Alfresco is format-agnostic. It will store any bytes you hand it, and along with storage you get powerful functionality such as permission enforcement, categorization, versioning, automation rules, workflow, check-in / check-out, metadata, and meta-data search (among other capabilities). In addition to these core content-agnostic capabilities, Alfresco will also examine the MIME type to see if additional operations can be performed such as full content indexing, thumbnailing, transformation, automated metadata extraction, and content preview in Alfresco Share.
I am regularly asked to provide a list of formats for which Alfresco supports these extra capabilities. Unfortunately, such a list depends on the underlying technologies that we use and it changes very quickly. In this post I hope to provide some guidelines on how Alfresco will treat various formats. These lists are not exhaustive, as I have only listed formats that I have personally tested.
Alfresco is designed to be very extensible. If Alfresco does not have a capability that you would like for a specific format, it is worth checking with us to see if we are aware of an Alfresco Partner or community project that has provided the desired functionality.
If Alfresco can convert a MIME type to text, it will extract that text and index it for full content searching. Share will also display a preview of the text, including formatting were possible. Alfresco uses Open Office for conversions that retain formatting, and Apache Tika to do conversions that require clean text. Apache Tika is also used for conversions from Word to HTML in Web QuickStart.
- Text based files (obviously) such as TXT, CSV, RTF, XML, and HTML. Single-byte and multi-byte encodings work fine.
- File formats that are readable by OpenOffice, such as MS Office and Open XML formats (XLS, DOC, PPT, XLSX, DOCX, and PPTX), Word Perfect files (WPD), and Open Document files (ODS, ODT, ODP).
- The text layer of a PDF files (be aware that some PDF files just contain an image of the text).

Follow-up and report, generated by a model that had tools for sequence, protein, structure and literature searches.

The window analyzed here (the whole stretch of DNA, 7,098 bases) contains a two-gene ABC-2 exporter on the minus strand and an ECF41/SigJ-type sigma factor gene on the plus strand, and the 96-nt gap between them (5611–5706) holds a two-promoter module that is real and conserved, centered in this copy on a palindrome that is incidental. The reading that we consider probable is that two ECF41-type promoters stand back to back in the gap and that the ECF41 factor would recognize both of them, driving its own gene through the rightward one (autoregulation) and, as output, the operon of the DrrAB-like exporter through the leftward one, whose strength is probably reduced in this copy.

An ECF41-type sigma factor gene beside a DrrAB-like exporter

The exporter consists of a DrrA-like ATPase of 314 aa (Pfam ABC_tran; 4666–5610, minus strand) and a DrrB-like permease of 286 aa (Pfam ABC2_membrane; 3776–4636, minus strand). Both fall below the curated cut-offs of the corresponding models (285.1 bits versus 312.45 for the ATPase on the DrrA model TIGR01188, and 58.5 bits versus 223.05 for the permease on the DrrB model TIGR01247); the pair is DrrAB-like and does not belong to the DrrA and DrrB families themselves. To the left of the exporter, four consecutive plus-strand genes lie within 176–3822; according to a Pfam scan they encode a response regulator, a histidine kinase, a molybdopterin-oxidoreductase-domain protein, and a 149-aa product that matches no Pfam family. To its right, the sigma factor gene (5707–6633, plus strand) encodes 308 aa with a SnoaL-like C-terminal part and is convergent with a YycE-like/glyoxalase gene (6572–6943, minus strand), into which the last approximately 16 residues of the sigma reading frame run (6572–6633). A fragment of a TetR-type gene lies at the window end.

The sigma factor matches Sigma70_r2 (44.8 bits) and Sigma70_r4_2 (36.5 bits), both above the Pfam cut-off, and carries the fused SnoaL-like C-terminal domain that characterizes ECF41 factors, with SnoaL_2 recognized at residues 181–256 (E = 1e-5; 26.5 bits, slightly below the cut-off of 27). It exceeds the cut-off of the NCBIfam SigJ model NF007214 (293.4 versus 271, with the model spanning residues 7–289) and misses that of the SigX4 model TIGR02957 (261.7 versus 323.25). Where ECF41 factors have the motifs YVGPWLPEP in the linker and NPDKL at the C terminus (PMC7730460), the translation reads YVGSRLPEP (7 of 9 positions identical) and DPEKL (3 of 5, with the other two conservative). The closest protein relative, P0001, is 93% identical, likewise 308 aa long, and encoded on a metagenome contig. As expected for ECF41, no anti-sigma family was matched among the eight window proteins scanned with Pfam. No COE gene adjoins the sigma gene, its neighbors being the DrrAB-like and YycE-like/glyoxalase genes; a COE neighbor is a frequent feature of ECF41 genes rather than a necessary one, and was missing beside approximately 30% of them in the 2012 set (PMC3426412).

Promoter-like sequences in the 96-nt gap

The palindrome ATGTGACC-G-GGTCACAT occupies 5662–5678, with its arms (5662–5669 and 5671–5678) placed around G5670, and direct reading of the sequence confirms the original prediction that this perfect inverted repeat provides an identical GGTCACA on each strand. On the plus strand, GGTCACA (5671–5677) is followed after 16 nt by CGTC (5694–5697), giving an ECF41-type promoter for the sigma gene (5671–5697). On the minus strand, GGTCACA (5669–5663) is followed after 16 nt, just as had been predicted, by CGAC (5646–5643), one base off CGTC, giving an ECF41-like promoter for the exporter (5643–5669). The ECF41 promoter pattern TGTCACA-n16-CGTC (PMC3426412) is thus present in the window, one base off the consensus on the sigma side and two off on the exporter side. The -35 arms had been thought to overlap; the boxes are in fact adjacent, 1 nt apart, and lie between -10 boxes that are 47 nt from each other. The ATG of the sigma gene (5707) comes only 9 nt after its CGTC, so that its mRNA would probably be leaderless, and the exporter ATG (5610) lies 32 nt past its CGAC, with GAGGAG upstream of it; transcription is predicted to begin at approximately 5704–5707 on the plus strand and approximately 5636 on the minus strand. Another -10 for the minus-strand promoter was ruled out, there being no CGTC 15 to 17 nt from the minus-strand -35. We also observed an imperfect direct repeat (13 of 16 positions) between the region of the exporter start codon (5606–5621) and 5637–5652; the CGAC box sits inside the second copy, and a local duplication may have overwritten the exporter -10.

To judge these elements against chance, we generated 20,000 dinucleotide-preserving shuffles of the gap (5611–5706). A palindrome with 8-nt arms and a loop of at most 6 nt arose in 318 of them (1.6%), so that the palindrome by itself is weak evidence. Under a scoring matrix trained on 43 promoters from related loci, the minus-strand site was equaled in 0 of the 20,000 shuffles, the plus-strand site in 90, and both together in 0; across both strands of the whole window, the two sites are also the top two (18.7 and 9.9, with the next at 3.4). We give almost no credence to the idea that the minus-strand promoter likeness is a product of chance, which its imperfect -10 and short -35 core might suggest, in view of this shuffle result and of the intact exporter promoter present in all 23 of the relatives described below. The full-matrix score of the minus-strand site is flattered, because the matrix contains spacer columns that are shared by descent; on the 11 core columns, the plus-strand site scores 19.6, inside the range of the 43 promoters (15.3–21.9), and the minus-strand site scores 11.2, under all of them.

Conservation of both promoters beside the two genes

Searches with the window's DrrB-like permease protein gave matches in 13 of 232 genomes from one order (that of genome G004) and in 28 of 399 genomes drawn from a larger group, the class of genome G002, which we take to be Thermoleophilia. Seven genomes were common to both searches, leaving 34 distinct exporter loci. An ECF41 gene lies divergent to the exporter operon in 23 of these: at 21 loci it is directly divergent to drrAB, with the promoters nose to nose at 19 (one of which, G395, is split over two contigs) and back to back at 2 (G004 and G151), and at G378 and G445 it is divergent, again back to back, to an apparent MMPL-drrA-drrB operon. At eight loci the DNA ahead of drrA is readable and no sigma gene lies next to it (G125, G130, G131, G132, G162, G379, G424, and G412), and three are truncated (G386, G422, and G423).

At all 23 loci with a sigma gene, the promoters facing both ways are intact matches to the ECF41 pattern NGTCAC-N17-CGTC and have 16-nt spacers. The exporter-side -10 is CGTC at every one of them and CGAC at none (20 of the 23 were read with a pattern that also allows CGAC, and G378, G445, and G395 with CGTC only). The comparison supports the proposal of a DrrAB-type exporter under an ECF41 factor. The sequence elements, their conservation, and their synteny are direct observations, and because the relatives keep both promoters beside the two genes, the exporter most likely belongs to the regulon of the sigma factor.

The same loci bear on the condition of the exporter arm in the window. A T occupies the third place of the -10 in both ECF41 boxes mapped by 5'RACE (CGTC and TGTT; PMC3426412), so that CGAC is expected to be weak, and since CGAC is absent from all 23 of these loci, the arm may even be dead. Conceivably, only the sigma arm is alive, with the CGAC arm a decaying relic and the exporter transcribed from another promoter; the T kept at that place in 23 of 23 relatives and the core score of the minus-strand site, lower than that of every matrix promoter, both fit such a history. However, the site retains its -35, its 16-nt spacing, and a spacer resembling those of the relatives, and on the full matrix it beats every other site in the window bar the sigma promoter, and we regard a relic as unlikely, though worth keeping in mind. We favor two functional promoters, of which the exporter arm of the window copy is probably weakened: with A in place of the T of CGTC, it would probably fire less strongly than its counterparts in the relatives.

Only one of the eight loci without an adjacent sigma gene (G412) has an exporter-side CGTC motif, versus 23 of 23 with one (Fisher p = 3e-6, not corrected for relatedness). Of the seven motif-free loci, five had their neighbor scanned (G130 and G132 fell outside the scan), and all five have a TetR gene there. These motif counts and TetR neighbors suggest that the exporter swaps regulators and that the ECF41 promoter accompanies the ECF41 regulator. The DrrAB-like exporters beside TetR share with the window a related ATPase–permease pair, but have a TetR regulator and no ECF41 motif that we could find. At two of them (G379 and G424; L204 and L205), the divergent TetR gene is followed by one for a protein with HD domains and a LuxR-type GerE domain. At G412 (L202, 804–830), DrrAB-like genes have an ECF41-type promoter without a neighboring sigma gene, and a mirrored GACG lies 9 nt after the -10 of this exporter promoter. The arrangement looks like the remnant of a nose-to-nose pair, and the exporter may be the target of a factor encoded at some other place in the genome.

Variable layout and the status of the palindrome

Previews are created by transforming the content to a PDF using Open Office, then using the open source utility PDFtoSWF to convert it to a Flash movie. For this reason, the formatting for some MS Office documents will not be rendered correctly in the preview. In our Swift release it will be possible to incorporate a 3rd party transformer (such as MS Office) to help with these extractions and transformations.
Alfresco can do image transformations, such as thumbnail generation. If Alfresco can convert an image format to PDF, then it will also display the image for preview in Share as described above. ImageMagick is the library used under the hood for transformations, and there are very few file formats that do not work.
Apache Tika is used for extracting metadata such as EXIF data.
Audio and Video
Alfresco Share does not currently have a previewer for audio and video, but will in the Swift release.
In the Swift release, one of three previewers will be selected depending on the content MIME type and browser capability. If the browser has Flash 10+ available, Strobe from the OSMF will be used. Flashfox will be used for older versions of Flash. If Flash is not available, or if neither player supports the content MIME type, HTML5 will be used to deploy the content. The available players will be configuration driven. Previews use progressive downloading so that playback can be started before the whole video has been downloaded.
There are no transformers bundled for audio and video, but the Share Extras project shows how to define transformers based on FFmpeg, which we can’t ship due to license concerns.
Though I have seen the audio and video preview demoed, I haven’t played with it yet so I can’t tell you what video and audio formats will be supported. Based on the underlying libraries, I would expect common modern formats will work just fine.
Most metadata extraction is done with Apache Tika. Only a limited number of extractors are wired out of the box, but the hooks are available for customers to wire additional extraction.
I hesitate to call them “unsupported” formats, because Alfresco can manage these files just fine (even really large AutoCAD files) but you won’t get previews or metadata extraction. Of course this is not a complete list, but I thought it would be helpful specify common requests that we do not currently fulfill.
- MS Visio
- MS Project
- AutoCAD (though a partner plugin can provide preview, thumbnails, and metadata)
- iWork formats (though engineering is currently working on this one)
Though the details of this post will quickly become out of date, I hope that the information presented will continue to guide you in determining what capabilities Alfresco will have for a given format. Our open-source approach of leveraging the best underlying libraries the community has to offer means that our capabilities expand quickly. By looking at the tools we harness you can get a sense for what a specific release can do.
Feel free to list in the comments any additional formats you have tried so that others benefit. I apologize for the cumbersome comments system, as spammers have caused me problems in the past.